Community-based participatory research

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Community-based participatory research

Community-based participatory research
Community-based participatory research

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Community-based participatory research (CBPR) is a method that integrates research with social action (Masuda, Poland, & Baxter, 2010). It is an effective way to build community capacity, as the method functions to transform power structures to create knowledge and promote actions for social change through community engagement. CBPR has been successfully implemented to expose power inequities in disadvantaged communities. This strategy enables community voices to be heard. Wallerstein and Duran (2010) have identified barriers to implementing CBPR and strategies to address these barriers.

policy advocacy

The socioeconomic and structural gradients in this country and their relationship to differences in health mandate that policies be created to address the social determinants of health inequities (Braverman, Cubbin, Egerter, Williams, & Pamuk, 2010). Canada, England, and Australia are considered leaders in implementing health-promoting public policies through legislation, fiscal measures, taxation, and organizational change (Raphael, 2011b).

Public policies influence the prerequisites of health in three key areas: early childhood development, employment, and income (Raphael, 2011a). Public policies to address these key areas have all been associated with lower rates of poverty and income inequities, Notably, the United States has the second lowest percentage of gross domestic product expenditures allocated in the form of public expenditures and the highest poverty rates in families and children among 21 selected countries (Raphael, 2011a). These rankings point to the need for policy to shift from a focus on individual health risk behaviors to the redistribution of economic resources to promote a healthy society for all.

Nurses and all other health professionals need to become knowledgeable about the political economy of health and public policy analysis to be able to advocate for health policies that promote healthy communities and equitable socioeconomic conditions. In com- munity settings, nurses may become spokespersons for the poor in order for their voices to be heard. At the individual level, strategies to alleviate poverty include helping families obtain available benefits, providing information about available services and how to access them, targeting those in greatest need, teaching skills, and partnering individuals with community agencies to provide additional supports (Cohen & Reutter, 2007). At the community level, empowerment strategies promote community dialogue between community members, CBOs, and persons in positions to influence policies. Nurses can also work with their professional associations to place the elimination of health inequities on their agendas for action. Membership in organizations that promote agendas to reduce health inequities is another avenue for action. Political competence can be developed through courses and dia- logues with knowledgeable others. Working in collaboration with all stakeholders enables nurses to raise awareness of health inequities, advocate for change, and take action, such as lobbying to promote change.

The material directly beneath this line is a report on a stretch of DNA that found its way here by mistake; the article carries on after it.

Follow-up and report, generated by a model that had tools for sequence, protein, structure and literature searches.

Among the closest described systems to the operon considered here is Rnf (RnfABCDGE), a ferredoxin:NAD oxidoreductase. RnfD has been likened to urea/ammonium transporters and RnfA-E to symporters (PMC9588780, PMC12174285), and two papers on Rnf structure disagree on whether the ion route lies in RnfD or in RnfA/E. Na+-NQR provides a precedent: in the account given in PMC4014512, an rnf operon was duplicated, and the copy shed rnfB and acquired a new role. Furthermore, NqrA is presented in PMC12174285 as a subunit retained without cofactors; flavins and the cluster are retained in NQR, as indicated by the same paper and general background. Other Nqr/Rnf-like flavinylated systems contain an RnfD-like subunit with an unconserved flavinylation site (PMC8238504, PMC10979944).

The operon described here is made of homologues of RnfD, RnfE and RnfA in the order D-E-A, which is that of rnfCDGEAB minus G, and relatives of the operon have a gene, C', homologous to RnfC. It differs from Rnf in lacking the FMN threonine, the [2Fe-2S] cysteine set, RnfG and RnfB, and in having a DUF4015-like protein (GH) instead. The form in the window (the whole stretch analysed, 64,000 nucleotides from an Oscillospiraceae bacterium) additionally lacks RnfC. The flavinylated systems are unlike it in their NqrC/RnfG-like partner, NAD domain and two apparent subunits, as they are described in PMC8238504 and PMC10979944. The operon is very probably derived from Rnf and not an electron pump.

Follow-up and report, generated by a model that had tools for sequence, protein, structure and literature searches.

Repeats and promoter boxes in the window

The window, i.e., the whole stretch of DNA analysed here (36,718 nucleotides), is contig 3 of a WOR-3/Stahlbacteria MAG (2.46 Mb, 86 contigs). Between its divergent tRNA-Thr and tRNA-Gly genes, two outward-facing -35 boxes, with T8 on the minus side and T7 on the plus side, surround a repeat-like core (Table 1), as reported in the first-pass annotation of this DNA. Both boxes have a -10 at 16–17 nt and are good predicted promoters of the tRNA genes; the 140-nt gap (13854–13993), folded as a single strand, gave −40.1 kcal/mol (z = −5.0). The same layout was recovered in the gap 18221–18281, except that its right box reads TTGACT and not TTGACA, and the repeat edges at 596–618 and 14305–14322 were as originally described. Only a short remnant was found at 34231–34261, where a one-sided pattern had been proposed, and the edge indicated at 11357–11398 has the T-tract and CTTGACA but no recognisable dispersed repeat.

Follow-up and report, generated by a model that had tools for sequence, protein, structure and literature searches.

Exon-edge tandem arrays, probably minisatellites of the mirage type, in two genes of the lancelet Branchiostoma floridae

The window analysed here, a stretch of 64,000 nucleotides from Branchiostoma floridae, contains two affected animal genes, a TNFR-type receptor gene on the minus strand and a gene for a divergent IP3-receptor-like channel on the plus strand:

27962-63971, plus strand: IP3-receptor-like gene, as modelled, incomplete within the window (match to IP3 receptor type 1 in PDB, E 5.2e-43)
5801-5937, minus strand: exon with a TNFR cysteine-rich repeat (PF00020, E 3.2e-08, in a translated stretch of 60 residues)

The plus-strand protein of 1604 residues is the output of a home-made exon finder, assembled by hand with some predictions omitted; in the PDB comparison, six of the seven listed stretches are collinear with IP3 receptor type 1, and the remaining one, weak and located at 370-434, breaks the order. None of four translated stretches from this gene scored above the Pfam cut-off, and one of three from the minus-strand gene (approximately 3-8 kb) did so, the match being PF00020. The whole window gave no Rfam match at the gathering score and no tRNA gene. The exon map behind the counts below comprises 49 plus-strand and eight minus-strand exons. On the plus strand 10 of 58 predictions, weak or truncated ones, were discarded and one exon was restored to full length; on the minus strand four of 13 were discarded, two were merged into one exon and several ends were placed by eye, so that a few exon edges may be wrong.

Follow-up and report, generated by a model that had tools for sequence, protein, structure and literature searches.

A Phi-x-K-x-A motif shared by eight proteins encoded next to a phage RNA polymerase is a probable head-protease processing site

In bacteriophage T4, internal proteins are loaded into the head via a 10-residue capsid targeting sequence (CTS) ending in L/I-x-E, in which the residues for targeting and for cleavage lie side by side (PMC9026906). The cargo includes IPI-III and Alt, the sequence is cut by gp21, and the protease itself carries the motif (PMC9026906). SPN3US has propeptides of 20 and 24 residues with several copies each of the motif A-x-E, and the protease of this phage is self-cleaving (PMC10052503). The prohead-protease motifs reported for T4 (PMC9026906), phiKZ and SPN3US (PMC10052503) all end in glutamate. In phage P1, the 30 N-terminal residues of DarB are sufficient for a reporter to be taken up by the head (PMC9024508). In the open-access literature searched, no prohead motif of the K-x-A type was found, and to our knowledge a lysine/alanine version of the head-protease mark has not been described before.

primary Care

Primary care offers an effective mechanism for achieving health equity, as interventions are directed at individuals versus diseases. Primary care was established as a framework for health in the 1960s with the World Health Organization Declaration of Alma-Ata. It includes first contact and continuous, coordinated, decentralized care to address health promotion and disease prevention. Primary care is complex and requires community engagement and respect for individual and family viewpoints. It is an efficient, rational way to provide care for all people.

Investments in a primary care infrastructure have been shown to impact health equity. Pri- mary care services in community health centers can reach socially disadvantaged, racial/ethnic minorities and isolated groups. Nurses are leading primary health care interdisciplinary teams and conducting community-based initiatives to promote community participation in health, provide health care and education, and advocate for communities. Primary care continues to increase in value with the passage of the Affordable Care Act, and nurses play a major role in promoting behavior change as primary care providers.